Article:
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Thomas Hobbes´ Influence On Modern Day Politics

1177 words - 5 pages

Why as individuals do we surrender certain liberties to a higher sovereign power that possess control over us? Thomas Hobbes was a political philosopher who is considered one of the fathers of liberal thought and the modern liberal state. His famous political work, Leviathan, suggests that for our own preservation, we form into commonwealths under rulers to escape from the "miserable condition of war" . We combined into these large groups of social interaction because individually, we cannot survive the brutish conditions present in war and the state of nature. When analyzing commonwealths, the question arises as to which form of government the commonwealth represents; one that is ruled by a single ruler, in Machiavelli's terms a principality, one ruled by many individuals, a republic, or a form of commonwealth, which is neither? When looking at the concept of commonwealth, it can be said that although Hobbes was a founder in modern liberal thought, his concept of the leviathan as a sovereign power, which we submit to for protection, resembles that of a principality more so than that of a republic or another form of commonwealth.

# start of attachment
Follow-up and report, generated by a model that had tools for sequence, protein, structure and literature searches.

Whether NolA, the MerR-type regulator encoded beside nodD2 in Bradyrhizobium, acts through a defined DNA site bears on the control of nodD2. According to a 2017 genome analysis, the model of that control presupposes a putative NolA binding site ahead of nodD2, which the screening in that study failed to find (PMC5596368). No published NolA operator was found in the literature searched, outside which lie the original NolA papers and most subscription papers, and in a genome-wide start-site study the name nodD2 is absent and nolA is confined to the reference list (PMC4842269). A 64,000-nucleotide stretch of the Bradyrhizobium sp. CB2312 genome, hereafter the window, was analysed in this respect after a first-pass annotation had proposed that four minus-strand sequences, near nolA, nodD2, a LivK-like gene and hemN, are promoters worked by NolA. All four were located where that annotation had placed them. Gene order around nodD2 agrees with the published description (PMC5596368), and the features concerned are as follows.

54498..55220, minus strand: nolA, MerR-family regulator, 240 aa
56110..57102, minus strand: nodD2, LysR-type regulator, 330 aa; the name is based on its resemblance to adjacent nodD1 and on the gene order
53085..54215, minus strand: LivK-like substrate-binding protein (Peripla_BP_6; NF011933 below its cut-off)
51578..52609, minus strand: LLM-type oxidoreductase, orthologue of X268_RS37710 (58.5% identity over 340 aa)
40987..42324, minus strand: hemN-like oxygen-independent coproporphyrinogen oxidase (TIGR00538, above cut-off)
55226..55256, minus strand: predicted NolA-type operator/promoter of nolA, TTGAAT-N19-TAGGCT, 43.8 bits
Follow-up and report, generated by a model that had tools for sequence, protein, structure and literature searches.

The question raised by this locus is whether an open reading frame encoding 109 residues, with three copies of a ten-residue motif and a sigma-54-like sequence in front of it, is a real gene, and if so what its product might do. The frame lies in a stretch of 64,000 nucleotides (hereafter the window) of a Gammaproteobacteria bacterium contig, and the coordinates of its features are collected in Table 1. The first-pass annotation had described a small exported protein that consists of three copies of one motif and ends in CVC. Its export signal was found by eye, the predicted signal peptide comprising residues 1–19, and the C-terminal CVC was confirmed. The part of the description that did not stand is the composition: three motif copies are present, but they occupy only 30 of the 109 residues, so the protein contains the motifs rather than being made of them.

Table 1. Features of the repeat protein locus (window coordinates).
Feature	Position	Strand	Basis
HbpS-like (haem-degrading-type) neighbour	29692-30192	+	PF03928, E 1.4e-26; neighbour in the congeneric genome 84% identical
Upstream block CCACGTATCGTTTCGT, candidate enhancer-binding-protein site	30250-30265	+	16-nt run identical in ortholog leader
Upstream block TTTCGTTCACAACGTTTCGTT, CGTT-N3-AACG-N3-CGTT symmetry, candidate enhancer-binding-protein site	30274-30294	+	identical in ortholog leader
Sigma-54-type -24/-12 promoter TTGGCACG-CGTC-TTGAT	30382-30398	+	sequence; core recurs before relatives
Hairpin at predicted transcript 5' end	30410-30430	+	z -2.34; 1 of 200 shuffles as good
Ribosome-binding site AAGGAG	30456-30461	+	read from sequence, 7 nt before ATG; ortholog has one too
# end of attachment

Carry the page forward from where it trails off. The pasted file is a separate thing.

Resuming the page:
Throughout the work, Hobbes incorporates several concepts, such as inalienable rights in the state of nature, self-interest and civil rights, which show support for a republican form of government. One of his major points throughout his famous work comes in the first section of the work, of man, which introduces the concept of inalienable rights. Hobbes begins by describing the state nature as one which is in a continual state of war, where the life of man is "poor, nasty, brutish, and short" . However, even in this state of war, several rights of nature are suggested, rights which everyone in the state of nature abides by. Among the major rights is that of liberty, in which "each man hath to use his own power ... for the preservation of his own nature" . The rights that Hobbes is describing are inalienable rights, which cannot be taken away from an individual. These natural, inalienable rights also suggest the idea of self - interests. As individuals, we are constantly looking for security as a way to preserve our survival, and therefore for our own self - interest, we "seek peace, and follow it" . As with inalienable rights, the idea of self - interest is one, which is associated with liberal thought. Therefore, it would thrive better in a republic, as it is a better representation of a liberal form of government. One other crucial aspect that cannot be ignored is the idea of equality, which is presented through various parts of the work. When discussing the laws of nature, Hobbes states that "man acknowledge other for his equal by nature" , and when things that are capable of being divided that they are enjoyed by the common . These statements are ones which support collective action through members in a commonwealth, a collective action which would be present in a republican form of commonwealth. As shown...

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